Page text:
This statement touches on a question I often wonder about: Can reading great fiction make you a better person? I don’t mean to ask whether it can improve your mental agility or your knowledge of the world, for it undoubtedly does. But can these books make you kinder, wiser, more moral, more content? The answer to this question is far from self-evident. And maybe we should be doubtful, when we consider how many disagreeable Shakespeare fans have probably existed. Nevertheless, I suspect that most of us are inclined to say yes, these books do improve us. But how?

Here are my answers. First, many great works of fiction tackle the moral question directly: What does it mean to be good? How do you live a good life? What is the point of it all? Dostoyevsky is the exemplary author in this respect, who was intensely, almost morbidly, preoccupied with these questions. Second, great fiction often involves a social critique; many well-known authors have been penetrating guides into the hypocrisies, immoralities, and stupidities of their societies. Dickens, for example, is famous for spreading awareness of the plights of the poor; and Jane Austen performed a similar task in her novels, though much more quietly, by satirizing the narrow, pinched social rules the landed gentry had to abide by.

Finally, we come to great literature’s ability to help us empathize. By imagining the actions, thoughts, feelings, desires, and hopes of another person—a person perhaps from a different time, with different values—we learn to see the world from multiple points of view. This not only helps us to understand others, but also helps us to understand ourselves. And this is important, since a big part of wise living (in my experience at least) involves the ability to see ourselves from a distance, as only one person among many, and to treat ourselves with the same good-natured respect as we treat our good friends. And the master of empathy is undoubtedly Leo Tolstoy.

Leo Tolstoy was a contradictory man. He idolized the peasants and their simple life, and he preached a renunciation of worldly riches; and yet he maintained his aristocratic privileges till the end of his life. He considered marriage to be of enormous importance in living a moral life, and yet his relationship with his wife was bitterly unhappy and he ended up fleeing his house to escape. And as Isaiah Berlin pointed out in his essay on Tolstoy’s view of history, he yearned for unity and yet saw only multiplicity in the world. I can’t help attributing this contradictoriness to his nearly supernatural ability to sympathize with other points of view, which caused him to constantly be pulled in different directions.

This is on full display in Anna Karenina, but I can’t discuss this or anything else about the book without copious spoilers. So if you are among the handful of people who don’t know the plot already, here is your warning.

Like so many authors, Tolstoy here writes about a “fallen” woman who ends up in a bad situation. But unlike anyone else, Tolstoy presents this story without taking any clear moral stance on Anna, her society, her betrayed husband, or her lover. It is, for example, close to impossible to read this simply as a parable of the immoral woman getting her just desserts. What was Anna supposed to do? She would have condemned herself to a life of unhappiness had she stayed with Karenin. And it can hardly be said that she was responsible for her unhappy marriage, since marriages in those days were contracted when women were very young, for reasons of power and wealth, not love. Tolstoy makes this very clear, and as a result this book can be read, in part, as a feminist critique of a society that severely limits the freedom of women and condemns them to live at the mercy of their fathers and husbands.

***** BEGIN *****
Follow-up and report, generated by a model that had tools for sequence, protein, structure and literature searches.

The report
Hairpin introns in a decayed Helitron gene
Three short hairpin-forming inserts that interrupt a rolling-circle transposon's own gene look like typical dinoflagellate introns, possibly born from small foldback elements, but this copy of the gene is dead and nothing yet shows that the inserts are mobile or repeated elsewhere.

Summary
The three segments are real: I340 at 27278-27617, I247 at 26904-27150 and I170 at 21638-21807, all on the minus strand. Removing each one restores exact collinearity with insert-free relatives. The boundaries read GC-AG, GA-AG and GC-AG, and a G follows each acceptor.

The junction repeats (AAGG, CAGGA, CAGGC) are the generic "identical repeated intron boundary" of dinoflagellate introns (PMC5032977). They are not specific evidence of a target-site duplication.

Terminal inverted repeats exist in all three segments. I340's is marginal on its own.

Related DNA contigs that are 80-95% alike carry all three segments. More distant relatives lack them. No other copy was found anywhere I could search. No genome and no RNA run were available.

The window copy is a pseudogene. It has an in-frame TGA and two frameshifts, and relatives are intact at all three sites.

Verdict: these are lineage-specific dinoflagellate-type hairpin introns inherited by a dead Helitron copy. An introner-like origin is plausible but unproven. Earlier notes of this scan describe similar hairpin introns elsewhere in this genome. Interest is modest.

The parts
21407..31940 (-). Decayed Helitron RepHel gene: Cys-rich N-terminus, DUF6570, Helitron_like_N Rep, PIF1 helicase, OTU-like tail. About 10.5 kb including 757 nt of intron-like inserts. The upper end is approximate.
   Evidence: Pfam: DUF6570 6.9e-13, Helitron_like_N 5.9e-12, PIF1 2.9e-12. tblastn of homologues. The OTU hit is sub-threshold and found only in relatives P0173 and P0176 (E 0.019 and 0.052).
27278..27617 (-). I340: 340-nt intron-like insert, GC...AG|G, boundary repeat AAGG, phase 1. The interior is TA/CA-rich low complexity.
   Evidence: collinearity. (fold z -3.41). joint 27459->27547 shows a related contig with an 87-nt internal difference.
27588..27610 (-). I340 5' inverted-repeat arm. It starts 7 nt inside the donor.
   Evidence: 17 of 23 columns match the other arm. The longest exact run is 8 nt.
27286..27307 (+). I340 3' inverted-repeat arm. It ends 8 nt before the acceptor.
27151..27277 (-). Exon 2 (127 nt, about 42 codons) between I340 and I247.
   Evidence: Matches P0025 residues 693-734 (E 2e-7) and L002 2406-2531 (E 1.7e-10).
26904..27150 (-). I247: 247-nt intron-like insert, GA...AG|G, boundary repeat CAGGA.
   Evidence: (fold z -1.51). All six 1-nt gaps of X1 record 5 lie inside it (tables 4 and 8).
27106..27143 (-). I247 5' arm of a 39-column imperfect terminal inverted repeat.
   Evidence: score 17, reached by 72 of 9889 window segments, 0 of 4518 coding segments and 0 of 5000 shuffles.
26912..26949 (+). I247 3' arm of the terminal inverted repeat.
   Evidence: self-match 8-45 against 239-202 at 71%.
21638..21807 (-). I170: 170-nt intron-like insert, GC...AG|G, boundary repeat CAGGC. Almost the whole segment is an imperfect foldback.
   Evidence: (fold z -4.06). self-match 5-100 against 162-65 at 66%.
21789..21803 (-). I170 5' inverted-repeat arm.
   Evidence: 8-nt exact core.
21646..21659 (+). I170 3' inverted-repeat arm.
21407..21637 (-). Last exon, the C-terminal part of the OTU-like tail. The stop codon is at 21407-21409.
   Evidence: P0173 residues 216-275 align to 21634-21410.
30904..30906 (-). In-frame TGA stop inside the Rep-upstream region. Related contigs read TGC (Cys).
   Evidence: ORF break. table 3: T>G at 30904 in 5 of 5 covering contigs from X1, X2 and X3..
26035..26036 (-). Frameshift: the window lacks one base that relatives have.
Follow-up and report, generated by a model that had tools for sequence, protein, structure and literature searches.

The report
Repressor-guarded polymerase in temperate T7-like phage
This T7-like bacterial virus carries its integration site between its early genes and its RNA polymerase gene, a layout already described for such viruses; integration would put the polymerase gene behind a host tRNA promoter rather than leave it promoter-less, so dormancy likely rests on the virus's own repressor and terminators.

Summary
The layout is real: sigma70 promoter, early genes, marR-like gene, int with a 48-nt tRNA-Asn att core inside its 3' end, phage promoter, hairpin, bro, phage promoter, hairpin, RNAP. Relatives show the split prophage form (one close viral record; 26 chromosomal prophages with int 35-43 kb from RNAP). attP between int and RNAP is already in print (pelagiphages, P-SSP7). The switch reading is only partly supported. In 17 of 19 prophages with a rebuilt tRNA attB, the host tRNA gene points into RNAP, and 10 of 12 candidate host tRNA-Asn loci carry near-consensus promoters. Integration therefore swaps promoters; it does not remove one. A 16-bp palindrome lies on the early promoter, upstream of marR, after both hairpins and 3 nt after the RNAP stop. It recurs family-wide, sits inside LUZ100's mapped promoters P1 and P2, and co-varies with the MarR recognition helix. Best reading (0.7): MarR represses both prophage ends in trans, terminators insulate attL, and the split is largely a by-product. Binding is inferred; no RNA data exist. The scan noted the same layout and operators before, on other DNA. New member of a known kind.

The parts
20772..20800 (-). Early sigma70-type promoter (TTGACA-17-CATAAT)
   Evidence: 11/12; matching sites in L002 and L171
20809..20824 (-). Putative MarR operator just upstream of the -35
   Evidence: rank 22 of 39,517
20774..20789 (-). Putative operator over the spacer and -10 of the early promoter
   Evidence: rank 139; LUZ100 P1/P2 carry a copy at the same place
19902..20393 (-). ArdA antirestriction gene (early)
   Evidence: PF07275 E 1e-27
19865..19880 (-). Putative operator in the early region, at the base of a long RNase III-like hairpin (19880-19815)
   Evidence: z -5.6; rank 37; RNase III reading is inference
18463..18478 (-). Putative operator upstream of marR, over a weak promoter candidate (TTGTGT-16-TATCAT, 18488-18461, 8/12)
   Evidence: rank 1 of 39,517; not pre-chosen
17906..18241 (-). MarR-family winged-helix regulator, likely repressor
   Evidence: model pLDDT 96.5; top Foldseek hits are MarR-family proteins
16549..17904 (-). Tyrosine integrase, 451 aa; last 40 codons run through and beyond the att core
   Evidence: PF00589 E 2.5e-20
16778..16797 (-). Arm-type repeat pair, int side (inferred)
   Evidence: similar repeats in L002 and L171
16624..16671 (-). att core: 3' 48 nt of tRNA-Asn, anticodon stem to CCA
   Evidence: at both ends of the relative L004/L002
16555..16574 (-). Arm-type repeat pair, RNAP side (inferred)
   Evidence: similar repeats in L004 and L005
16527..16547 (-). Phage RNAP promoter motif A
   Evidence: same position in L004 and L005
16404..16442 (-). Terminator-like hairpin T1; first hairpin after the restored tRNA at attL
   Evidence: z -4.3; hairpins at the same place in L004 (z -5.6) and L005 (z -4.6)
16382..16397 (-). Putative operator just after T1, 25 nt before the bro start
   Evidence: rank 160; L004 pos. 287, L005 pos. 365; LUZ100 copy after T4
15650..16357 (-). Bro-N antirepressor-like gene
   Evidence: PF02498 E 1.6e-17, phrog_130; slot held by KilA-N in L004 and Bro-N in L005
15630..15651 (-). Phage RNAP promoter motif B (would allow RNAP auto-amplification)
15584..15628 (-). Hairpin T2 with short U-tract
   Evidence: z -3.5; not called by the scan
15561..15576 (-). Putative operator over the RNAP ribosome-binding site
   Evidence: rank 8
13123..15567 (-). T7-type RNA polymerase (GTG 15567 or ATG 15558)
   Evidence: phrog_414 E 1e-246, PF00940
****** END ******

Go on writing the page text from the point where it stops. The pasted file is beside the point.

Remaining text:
But this is not the whole story. If it is impossible to read this book as a parable of an immoral wife, it is equally impossible to read it as the heroic struggle of a wronged women against an immoral society. Anna is neither wholly right nor wrong in her decision. For in choosing to abandon her husband, she also chooses to abandon her son. Admittedly, it was only the social rules that forced her to make this choice, but the fact remains that she knowingly chose it. What’s more, unlike in Madame Bovary, where the deceived husband is not a sympathetic character, Tolstoy brings Karenin to life, showing us an imperfect and limited man, but a real man nonetheless, a man who was deeply hurt by Anna’s actions.

A similar ambiguity can be seen in the relationship between Anna and Vronsky. Tolstoy never makes us doubt that they do truly love one another. This is not the story of vanity or lust, but of tender, affectionate love—a love that was denied Anna for her whole life before her affair. For his part, Vronsky is also neither wholly bad nor good. He wrongs Karenin without any moral scruples; but his love for Anna is so deep—at least at first—that he gives up his respectability, his position in the military, and even his good relationship with his family to be with her. I cannot admire Vronsky, but it is impossible for me to condemn him, just like it is impossible for me to condemn Anna or Karenin, for they were all making the choices that seemed best to them.

The final effect of these conflicts is not a critique of society nor a parable of vice, but a portrayal of the tragedy of life, of the unhappiness that inevitably arises when desires are not in harmony with values and when personalities are not in harmony with societies.

The other thread of this book—that of Levin and Kitty—is where Tolstoy tells us how to be happy. For Tolstoy, this involves a return to tradition; specifically, this means a return to rural Russian tradition and a concomitant shunning of urban European influence. Levin and Kitty’s happy life in the countryside is repeatedly contrasted with Vronsky and Anna’s unhappy life in the city. Levin is connected with the earth; he knows the peasants and he works with them, while Vronsky only associates with aristocrats. Levin is earnest, provincial, and clumsy, while Vronsky is urbane, cosmopolitan, and suave. Kitty is simple, unreflecting, and pure-hearted, while Anna is well-read, sophisticated, and passionate.